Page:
An Irish company is paving the way for a big innovation in the way we get to work, writes
Its ‘Jyroball’ is designed for leisure and short commutes. It can bridge the gap between train or bus and workplace or allow commuters to avail of park-and-ride carparks with the last stage of the journey covered by the micro-mobility device.
The spherical vehicle with retractable footplates, which Forbes has described as a “winged bowling ball” can travel at speeds of up to 20kp/h with a range of 24km.
Thomas O’Connell, founder of Moby, which has spent four years developing the micro-mobility product, said it offers a flexible and affordable way to get around cities while reducing parking costs, as well as solving the wider problems of traffic congestion and pollution.
The Jyroball is light and compact at 9kg, and can be easily be carried and placed under a seat on bus or train.
However, legislation around the devices is stillunclear — a common situation where the law hasn’t caught up with technology, Mr O’Connell said.
However, while it’s a topical issue, Ireland and the UK are lagging behind others such as the US and Scandinavia which have had legislation in place for years.
Germany changed its laws last month to accommodate the new types of vehicles, and Mr O’Connell expects other European countries to follow suit. Regulations in Ireland lie in a grey area.
The vehicles fit somewhere between mechanically-propelled vehicles andpedal-assisted vehicles.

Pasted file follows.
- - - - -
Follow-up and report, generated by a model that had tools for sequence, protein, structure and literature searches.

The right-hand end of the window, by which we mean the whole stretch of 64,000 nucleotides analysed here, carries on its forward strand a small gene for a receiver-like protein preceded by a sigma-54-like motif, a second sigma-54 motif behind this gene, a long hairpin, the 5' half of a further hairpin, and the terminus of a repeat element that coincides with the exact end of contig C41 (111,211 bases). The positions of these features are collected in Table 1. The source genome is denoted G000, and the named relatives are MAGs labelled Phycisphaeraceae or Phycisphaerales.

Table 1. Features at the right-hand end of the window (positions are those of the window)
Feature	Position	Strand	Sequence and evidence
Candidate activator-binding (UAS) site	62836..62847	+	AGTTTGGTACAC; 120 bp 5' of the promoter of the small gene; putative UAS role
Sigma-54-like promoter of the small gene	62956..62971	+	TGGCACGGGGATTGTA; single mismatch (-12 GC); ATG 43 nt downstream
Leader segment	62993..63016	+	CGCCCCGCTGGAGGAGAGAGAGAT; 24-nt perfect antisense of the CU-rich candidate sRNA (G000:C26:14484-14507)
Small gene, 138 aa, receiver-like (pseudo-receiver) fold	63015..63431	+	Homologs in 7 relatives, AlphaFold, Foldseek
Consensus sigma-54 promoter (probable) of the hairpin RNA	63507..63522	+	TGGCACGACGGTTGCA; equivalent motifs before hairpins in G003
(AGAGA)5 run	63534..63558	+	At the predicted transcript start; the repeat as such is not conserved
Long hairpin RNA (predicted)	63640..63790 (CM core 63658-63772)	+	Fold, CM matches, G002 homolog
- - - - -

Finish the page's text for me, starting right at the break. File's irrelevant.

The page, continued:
In other countries, electric scooters and other similar devices, with maximum speeds of 25km/h, aretreated as a bicycle whether electrically-powered orassistance, and are allowed on roads and cycle paths.
The founder and former chief executive of Yvolution, known for its popular Fliker scooter, is an enthusiast for micro-mobility innovation.
He travels to work andmeetings by electric scooter or unicycle.
“I get around Dublin very quickly. I can save a lot of money on taxis, and I save a lot of time as well.”
Having teamed up with Marc Simeray, inventor of the self-balancing unicycle on his latest enterprise, Mr O’Connell said Moby aims to disrupt personal transportation. He said micro-mobility is the future of getting around cities.
“Micro-mobility solvesthe big problems of traffic congestion and parking in cities as well as meetingenvironmental targets.”
The micro-mobility area encompasses electrically-powered scooters, bikes,unicycles, skateboards and has been made possible by the development in thelithium battery over the past 20 years. He said that urban futurists predict that getting around cities will incorporate some form of public transport plus a micro-mobility device. However, the challenge will be toaccommodate that.
“The buses and trains will have to get much bigger, or the devices are going to have to get much smaller. Howdo you create the ultimate product that you can use for your last mile?”
Self-balancing, the Jyroball uses lean-forward acceleration, similar to the technology used by the Segway. It has a shorter learning curve than the unicycle and better manoeuvrability than a hoverboard, Mr O’Connell said.
Speaking about his goals for Moby to be a brand leader, Mr O’Connell said there is a real opportunity. “There’s no Dyson or Tesla of this category.”
Moby plans to sell itsproducts directly to theconsumers with potential plans to go to retailers at a later stage. The Jyroball is priced at €402.
It is anticipated it willretail at €799, when shipping of orders begins in October. Another product indevelopment, the YX One, is aimed at the extreme sports market.
Meantime, Mr O’Connell tries out prototypes in the Phoenix Park at the weekends. He says the YX One, which he compares to a “mountain bike of electric skateboards,” is “quite a head-turner”.
Unlike a skateboard which needs a smooth surface, the YX One can be used on trails and off-road terrain.
Mr O’Connell received funding from EnterpriseIreland this year. Currently taking part in Google’s Adopt a Startup, the company is also gearing up for the launch of the YX One.